The process of mixing a plastic clay by hand before forming it. Similar to kneading of bread dough, it is considered an essential step by most potters.
Wedging clay is similar to kneading bread dough. Clay tends to set up over time and the growth of mold discolors the surface and cross section and create non-homogeneous stiffness across the matrix. The process of wedging it loosens the overall stiffer clay and evens out the stiffness, returning it to the stiffness at the time of production. It is not uncommon for the clay to soften quite dramatically on wedging, this is thought to occur because of the mobilization of water between the flat particles of clay and the disruption of a stable electrical charge pattern between water and clay that develops over time. Wedging also performs the function of lining up the flat clay particles concentric to the center of the mass allowing them to slip over each other more easily in that direction. When clay is wedged well before throwing, it is much easier to center the clay and make a non-wobbly piece during throwing. Likewise, hand-built pieces will warp less and dry more evenly.
Wedging is remarkably efficient at mixing a clay, or different clays, or the same clay of different stiffnesses. This is especially so if the mass if halfed and layered a few times before wedging.
Soft and stiff slabs were inter-layered (giving eight layers total). Then the piece repeatedly cut in half and slammed downward to re-flatten. Eleven times (doubling the number of layers each time to get 16,536). Yet it is still not mixed! 30 seconds of wedging is all it took to finish the job. Wedging is a very effective mixing technique. A pugmill would easily mix this also.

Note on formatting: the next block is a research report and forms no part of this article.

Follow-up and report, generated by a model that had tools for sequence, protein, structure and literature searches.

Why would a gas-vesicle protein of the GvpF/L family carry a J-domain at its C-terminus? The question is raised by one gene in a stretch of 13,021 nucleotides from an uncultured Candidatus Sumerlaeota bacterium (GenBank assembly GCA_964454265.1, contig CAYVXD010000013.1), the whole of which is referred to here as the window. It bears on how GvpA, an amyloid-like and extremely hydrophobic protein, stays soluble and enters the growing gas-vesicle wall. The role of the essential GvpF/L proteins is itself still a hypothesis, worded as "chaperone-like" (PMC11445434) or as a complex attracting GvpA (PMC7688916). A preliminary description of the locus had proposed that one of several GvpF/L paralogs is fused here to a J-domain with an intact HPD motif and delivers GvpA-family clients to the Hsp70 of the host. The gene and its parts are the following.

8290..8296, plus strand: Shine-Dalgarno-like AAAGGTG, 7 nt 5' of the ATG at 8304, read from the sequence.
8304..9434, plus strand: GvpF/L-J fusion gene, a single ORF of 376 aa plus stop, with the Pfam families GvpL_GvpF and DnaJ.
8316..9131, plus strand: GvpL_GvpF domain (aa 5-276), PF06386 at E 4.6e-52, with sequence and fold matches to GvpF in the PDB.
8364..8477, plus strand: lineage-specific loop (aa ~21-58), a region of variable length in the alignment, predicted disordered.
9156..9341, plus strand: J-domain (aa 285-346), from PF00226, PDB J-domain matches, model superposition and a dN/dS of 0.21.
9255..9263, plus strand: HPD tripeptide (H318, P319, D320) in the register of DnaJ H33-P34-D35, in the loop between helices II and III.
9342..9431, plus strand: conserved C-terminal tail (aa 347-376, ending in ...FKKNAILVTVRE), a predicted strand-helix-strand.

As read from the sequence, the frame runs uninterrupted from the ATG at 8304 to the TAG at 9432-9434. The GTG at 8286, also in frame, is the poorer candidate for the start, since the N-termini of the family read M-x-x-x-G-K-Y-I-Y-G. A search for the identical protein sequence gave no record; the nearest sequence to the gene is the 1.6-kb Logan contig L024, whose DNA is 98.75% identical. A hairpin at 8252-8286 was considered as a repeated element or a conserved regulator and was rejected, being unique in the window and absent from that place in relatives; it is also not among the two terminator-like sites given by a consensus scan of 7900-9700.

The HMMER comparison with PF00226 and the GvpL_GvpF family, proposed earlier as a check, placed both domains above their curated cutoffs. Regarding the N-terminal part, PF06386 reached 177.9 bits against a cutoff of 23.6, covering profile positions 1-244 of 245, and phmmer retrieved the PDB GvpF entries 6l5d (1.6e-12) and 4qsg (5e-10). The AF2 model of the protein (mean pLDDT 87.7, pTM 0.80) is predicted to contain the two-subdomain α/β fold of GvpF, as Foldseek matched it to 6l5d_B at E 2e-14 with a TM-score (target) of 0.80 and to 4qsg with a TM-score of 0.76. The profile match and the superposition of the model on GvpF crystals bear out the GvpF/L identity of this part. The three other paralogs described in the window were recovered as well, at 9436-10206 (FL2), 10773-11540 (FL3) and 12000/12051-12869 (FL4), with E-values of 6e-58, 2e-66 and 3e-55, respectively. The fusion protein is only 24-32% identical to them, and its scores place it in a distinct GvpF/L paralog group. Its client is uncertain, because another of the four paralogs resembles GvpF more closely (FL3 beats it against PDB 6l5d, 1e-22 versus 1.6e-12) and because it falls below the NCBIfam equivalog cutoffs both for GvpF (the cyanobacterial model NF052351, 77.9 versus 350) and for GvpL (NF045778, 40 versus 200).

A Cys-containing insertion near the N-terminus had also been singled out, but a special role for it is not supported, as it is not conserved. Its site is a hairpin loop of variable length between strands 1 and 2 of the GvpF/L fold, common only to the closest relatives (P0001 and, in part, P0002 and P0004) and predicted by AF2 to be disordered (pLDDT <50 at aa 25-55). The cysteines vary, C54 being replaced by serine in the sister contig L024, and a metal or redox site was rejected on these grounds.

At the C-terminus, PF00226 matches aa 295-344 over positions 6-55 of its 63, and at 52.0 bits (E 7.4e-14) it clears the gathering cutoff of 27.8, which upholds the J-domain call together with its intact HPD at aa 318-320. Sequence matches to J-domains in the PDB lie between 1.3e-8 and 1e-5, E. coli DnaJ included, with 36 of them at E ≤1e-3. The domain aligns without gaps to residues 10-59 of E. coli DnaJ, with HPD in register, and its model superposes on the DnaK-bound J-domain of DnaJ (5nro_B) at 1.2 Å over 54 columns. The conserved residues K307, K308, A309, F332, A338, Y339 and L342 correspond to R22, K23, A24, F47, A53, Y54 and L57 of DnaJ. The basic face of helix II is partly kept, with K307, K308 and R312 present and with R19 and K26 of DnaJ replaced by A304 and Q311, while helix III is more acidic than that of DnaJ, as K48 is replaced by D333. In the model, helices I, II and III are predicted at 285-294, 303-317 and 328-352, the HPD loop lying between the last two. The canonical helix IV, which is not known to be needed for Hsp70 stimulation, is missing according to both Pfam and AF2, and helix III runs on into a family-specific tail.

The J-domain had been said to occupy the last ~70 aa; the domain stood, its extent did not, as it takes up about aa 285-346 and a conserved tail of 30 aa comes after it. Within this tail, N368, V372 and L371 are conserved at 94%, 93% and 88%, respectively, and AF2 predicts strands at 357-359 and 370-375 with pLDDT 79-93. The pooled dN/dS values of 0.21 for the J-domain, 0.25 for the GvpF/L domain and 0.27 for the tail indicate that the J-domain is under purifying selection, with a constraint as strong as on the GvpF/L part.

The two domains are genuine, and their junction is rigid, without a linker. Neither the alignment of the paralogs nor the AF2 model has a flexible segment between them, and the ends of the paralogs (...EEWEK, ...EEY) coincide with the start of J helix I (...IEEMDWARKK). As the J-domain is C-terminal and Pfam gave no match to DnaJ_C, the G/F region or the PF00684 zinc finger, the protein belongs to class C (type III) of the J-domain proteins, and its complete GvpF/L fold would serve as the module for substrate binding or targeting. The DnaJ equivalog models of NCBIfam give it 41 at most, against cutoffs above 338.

Left: A high-contrast photo of a cut across the cross section of an eight-month-old slug of Plainsman M370 pugged clay. Right: A cut of a just-produced material (which will exhibit the same pattern in eight more months). You can feel different stiffnesses as you drag your finger across this clay, these are a product of the aging process combined with the natural lamination that a pugmill produces. Clearly, the older material needs to be wedged before use in hand building or on the wheel.
This is a cut through an eight-month-old slug of pugged clay. The cut was done near the surface. The patchy coloration is a by-product of the aging process. If a slice of this was fired in a kiln, an even and homogeneous white surface would emerge, with no hint of what you see here. A few moments of wedging will mix the matrix and ready it for wheel throwing or hand forming.
Clay is Plainsman M370. This is part of the aging process and can appear on any clay, depending on the conditions of storage (especially if stored in a very warm place or one exposed to sunlight). On the right this material has been fired to cone 6. The spots, although dark in the wet state, are burned away during firing. Mixing these specks back into the interior of the slug can be done quickly by wedging (diminishing worries about any allergy issues).